When she arrived, a representative from the hospital’s risk management department and her husband’s cardiologist were there, too.
They explained that at a key stage of her husband’s transplant — more than two months and more than a dozen surgeries earlier — Ono tried to use a defibrillator to jolt the new heart into rhythm, a common technique in transplants. But the device did not activate, and Ono had to pump the organ by hand while staff searched for a backup.
Later, in a separate phone call, Ono told Jennifer that nearly 10 minutes passed before another defibrillator was brought into the room, but by then, the damage likely had been done.
“I was so frustrated,” Ono said in an interview. “I tried my best to preserve the function of the heart but it couldn’t make it. That did happen, and I’m very sorry about that.”
In a statement, the hospital seemed to contradict Ono, saying “a backup defibrillator was nearby and readily available.” The hospital said it waited until its internal investigation was complete before explaining its findings to the family.
The hospital also sought to minimize the damage done to Lee. “You should know that although the defibrillator didn’t function initially, the heart was still beating and circulation was maintained. A second defibrillator was available close by and was utilized. Subsequently, the heart responded appropriately.”
The operative note in Lee’s medical record, which the hospital provided to reporters at Jennifer’s request, makes no reference to the equipment failure.
After the meeting, Jennifer shook with anger.
If she had known about the initial problems during the transplant, she might not have agreed to let the hospital put an artificial heart in her husband, she said.
She might have let him go sooner.
As infections coursed through his body and his organs began to shut down, Lee was taken across the hospital for yet another procedure.
That afternoon, a hospital staff member called Jennifer to tell her something had gone wrong. A thin wire had gotten sucked into the artificial heart during the procedure, causing it to malfunction.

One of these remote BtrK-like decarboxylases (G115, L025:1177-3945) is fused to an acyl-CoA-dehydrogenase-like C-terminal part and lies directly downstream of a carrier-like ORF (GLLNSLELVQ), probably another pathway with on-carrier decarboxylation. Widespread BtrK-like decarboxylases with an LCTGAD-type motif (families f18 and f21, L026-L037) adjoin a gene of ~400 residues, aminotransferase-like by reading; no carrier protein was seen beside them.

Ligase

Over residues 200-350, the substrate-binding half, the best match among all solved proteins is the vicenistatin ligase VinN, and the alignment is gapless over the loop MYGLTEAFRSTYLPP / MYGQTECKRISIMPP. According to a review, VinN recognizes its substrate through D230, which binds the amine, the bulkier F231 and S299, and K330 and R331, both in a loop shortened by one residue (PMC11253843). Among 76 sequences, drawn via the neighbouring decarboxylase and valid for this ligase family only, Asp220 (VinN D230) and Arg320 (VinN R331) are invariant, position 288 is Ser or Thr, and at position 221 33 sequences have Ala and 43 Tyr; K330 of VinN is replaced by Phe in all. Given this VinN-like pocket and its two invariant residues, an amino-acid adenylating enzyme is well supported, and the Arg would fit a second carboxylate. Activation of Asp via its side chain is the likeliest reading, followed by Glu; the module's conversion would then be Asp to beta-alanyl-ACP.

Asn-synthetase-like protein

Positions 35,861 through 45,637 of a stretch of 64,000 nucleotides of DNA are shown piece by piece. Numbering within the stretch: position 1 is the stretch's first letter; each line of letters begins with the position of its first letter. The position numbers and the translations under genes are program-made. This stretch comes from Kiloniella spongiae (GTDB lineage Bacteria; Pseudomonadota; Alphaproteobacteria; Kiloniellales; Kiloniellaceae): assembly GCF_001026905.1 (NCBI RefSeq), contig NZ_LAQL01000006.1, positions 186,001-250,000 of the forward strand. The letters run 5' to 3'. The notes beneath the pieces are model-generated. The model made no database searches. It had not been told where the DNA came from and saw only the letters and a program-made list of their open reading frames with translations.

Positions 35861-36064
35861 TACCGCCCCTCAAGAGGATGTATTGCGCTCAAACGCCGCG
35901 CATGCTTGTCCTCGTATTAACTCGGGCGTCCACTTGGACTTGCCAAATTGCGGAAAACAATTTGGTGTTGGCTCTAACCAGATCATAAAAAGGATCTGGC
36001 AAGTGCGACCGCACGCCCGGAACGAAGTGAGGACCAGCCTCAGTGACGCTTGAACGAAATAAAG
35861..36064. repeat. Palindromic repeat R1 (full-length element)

Jennifer rushed to the hospital. By the time she arrived, the medical team had managed to remove the wire and restart the artificial heart — but her husband did not look well.
Later, an anesthesiologist told her what happened: When the artificial heart malfunctioned, the medical team realized they had forgotten to bring the heart’s backup driver, an external pump that could have been used to quickly reset the device. Instead, a physician “continuously resuscitated” Lee for 45 minutes until a new driver was retrieved and connected, according to his medical records. During that time, the anesthesiologist told Jennifer, her husband went without normal circulation, likely starving his brain of oxygen-rich blood.
The hospital said in its statement to reporters, “There was emergent rescue equipment readily available at the bedside during the procedure. A full investigation of this case is in process.”
That night, Jennifer sat at her husband’s bedside, looking into his gray, hazy eyes.
She knew then that he was gone.
Jennifer didn’t want to be in the room at the end.
She didn’t want her final memory of her husband to be of the lifeless figure in his hospital bed; she wanted to remember him as the hulking man she’d married 32 years earlier. The man who worked long hours as a pipefitter and in other labor-intensive jobs to provide for his family. The man who was baptized only a few years earlier, after finally agreeing to attend church with her.
She learned later that, when Lee first became sick, he had secretly gone to several members of El Campo Church of Christ and asked them to take care of her if anything ever happened to him.
Several of those church members surrounded Jennifer at the hospital on March 23 as she awaited the final word from doctors. They sat with her and prayed silently.
At about 3 o’clock that afternoon, the life-support machines in James “Lee” Lewis’ room went silent.
Finally, he was free of them.